All 50 of the United States are considered to have a Brucellosis Free status. Montana, Idaho and Wyoming are allowed that status due to the Designated Surveillance Area (DSE) where vaccination of livestock and extensive monitoring of the disease in livestock and wildlife is carried out. The Montana, Idaho, Wyoming DSA is the last reservoir of Brucellosis in the United States.
USDA APHIS has the authority to bestow the Brucellosis Free status and to remove or lower that status. The Brucellosis status of a Montana greatly affects what other states and countries will allow livestock from Montana into their state and what sort of testing or quarantine will be required.
Much of the regulation of the DSA is based on the requirements put on the three states by USDA APHIS.
§78.40 Designation of States/areas.
The Administrator may amend §§78.41 and 78.42 to reclassify States and areas as Class Free, Class A, Class B, Class C, or quarantined when the Administrator determines that the States or areas meet the appropriate definitions in §78.1. The Administrator may approve the division of a State into two brucellosis classification areas upon finding that: (a) The State has legislative and regulatory authority for maintaining separate areas; (b) The State has committed resources to enforcing the different requirements in each area; (c) The State has an effective method for monitoring and controlling movement of cattle across the intrastate boundary; (d) The State has defined the intrastate boundary by county lines or by recognizable geographic features, such as rivers and highways; and (e) Each area of the State meets the standards for the brucellosis classification requested. The Administrator may amend §78.43 to reclassify States as validated brucellosis-free States or remove such status when the Administrator determines that such States meet or do not meet the standards of a validated brucellosis-free State as defined in §78.1. In the case of any reclassification to a lower class, reclassification as a quarantined State or area, or removal of validated brucellosis-free status, the State animal health official of the State involved will be notified of such reclassification or removal, and will be given an opportunity to present objections and arguments to the Administrator prior to the reclassification or removal taking place. (Full text can be found at bit.ly/CFRbrucellosis )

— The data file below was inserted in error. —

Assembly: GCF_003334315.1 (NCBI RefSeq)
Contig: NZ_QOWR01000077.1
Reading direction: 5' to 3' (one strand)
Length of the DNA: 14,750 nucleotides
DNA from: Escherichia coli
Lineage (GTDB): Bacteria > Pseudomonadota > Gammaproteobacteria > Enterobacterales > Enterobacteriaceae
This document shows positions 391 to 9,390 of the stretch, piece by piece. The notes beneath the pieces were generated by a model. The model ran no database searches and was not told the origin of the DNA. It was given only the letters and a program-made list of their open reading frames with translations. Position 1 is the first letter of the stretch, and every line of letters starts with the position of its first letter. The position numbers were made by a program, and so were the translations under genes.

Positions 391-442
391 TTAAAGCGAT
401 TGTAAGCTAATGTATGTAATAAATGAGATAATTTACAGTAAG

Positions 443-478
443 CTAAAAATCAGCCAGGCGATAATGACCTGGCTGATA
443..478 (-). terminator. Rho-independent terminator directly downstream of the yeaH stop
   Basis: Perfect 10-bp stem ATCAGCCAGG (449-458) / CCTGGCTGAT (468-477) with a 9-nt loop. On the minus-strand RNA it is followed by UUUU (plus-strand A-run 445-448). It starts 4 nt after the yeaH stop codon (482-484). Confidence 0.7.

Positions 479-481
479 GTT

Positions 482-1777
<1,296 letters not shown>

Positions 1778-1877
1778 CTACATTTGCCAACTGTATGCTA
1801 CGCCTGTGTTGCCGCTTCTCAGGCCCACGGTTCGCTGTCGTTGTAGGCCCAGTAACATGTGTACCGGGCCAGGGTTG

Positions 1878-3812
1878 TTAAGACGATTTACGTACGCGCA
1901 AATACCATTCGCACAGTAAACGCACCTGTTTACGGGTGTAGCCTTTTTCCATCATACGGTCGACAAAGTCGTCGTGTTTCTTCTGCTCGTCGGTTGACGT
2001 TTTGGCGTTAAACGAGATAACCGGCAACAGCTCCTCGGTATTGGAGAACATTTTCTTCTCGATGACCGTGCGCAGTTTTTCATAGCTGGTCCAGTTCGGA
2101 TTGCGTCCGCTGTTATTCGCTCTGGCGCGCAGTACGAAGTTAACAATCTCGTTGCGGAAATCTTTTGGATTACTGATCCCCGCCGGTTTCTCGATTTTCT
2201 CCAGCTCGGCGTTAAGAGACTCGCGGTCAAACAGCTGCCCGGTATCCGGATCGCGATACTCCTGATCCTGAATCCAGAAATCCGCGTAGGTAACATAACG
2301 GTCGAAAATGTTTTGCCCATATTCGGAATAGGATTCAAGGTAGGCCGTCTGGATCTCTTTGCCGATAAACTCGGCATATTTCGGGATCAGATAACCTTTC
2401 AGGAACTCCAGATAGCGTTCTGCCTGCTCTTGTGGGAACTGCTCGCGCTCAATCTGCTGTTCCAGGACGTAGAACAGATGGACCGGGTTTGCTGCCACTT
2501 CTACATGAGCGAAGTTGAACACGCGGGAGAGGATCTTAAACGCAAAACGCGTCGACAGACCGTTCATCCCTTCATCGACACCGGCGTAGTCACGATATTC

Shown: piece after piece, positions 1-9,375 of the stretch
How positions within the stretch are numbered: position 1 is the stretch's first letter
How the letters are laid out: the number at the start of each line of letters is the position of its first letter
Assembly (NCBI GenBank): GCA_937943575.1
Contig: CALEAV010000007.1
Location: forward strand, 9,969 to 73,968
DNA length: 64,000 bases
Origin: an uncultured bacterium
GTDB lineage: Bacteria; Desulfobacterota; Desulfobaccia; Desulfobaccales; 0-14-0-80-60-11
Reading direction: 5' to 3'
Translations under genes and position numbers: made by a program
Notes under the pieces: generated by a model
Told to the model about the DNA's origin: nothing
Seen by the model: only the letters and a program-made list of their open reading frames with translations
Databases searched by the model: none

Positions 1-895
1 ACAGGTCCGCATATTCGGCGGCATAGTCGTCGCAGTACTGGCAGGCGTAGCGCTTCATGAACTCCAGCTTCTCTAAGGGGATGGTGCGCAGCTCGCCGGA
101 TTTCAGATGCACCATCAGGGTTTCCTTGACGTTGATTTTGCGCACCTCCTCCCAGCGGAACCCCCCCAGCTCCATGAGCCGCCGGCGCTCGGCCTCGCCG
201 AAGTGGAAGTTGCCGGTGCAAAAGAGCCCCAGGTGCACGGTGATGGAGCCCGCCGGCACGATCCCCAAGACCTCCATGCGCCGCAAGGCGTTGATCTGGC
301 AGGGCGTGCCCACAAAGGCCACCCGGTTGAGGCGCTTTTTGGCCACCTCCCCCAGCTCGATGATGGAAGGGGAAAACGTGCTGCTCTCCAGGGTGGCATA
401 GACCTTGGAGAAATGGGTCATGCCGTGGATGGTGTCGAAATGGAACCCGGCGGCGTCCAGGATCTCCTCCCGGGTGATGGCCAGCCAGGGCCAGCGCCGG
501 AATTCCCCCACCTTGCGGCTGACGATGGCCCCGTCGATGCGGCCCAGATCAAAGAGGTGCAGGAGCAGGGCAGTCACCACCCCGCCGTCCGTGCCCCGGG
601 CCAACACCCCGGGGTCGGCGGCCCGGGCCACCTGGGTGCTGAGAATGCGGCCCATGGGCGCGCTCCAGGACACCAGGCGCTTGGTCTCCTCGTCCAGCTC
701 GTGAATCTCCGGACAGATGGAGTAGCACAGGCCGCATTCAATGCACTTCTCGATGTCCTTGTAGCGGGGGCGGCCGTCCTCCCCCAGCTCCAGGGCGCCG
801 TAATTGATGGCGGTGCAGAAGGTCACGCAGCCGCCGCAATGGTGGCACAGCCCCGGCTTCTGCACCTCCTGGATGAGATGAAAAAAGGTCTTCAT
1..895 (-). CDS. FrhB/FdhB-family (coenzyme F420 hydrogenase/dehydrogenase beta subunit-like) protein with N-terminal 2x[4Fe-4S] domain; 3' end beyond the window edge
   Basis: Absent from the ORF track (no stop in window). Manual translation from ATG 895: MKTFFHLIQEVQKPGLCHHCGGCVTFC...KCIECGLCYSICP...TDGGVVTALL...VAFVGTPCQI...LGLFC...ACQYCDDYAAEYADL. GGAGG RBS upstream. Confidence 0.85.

While ranchers can respect the the Native Americans wish to conserves Yellowstone Bison and to grow the tribal herds, ranchers also ask that there not be a loosening of the regulations that continue to contain the Brucellosis to the DSA or risk allowing other diseases into the state from national parks or preserves.
Moving diseased bison across the state out of the DSA whether to a tribe or other entity for quarantine increases the risk of transmission and could cause other states and countries to not have confidence in our Brucellosis Free status.
While Fort Peck is the only reservation at this time with a quarantine facility, HB 478 does not limit the movement of the Yellowstone or other bison not certified brucellosis free to only them. It allows for other tribes to build quarantine facilities. It would be possible in the future for each tribe to have their own facility.
NEW SECTION. Section 4. Notification to tribal governments. The secretary of state shall send a
22 copy of [this act] to each tribal government located on the seven Montana reservations and to the Little Shell
23 Chippewa tribe.
25 NEW SECTION. Section 5. Effective date. [This act] is effective on passage and approval.
If we allow bison from other national parks or preserves to enter the state to go to reservations without our state veterinarian verifying a health permit or certificate, we the rancher lose confidence in our states management of diseases.
“(7) A Except as provided in subsection (8), a waiver of the requirement for a health certificate or a permit
24 must be based upon evidence that there will be no significant danger to the public health if the exemption is
26 (8) A permit or health certificate is not required for wild buffalo or wild bison coming into the state to an
27 Indian reservation if those wild buffalo or wild bison originate from a national park or preserve unless the
28 department can show by clear and convincing evidence the animal is a significant danger to the public health.”
Please send your concerns to the House Agriculture Committee prior to the hearing on Thursday, March 21. Hearings sometimes get canceled or rescheduled so you may want to check if you plan on traveling to Helena to testify at the hearing.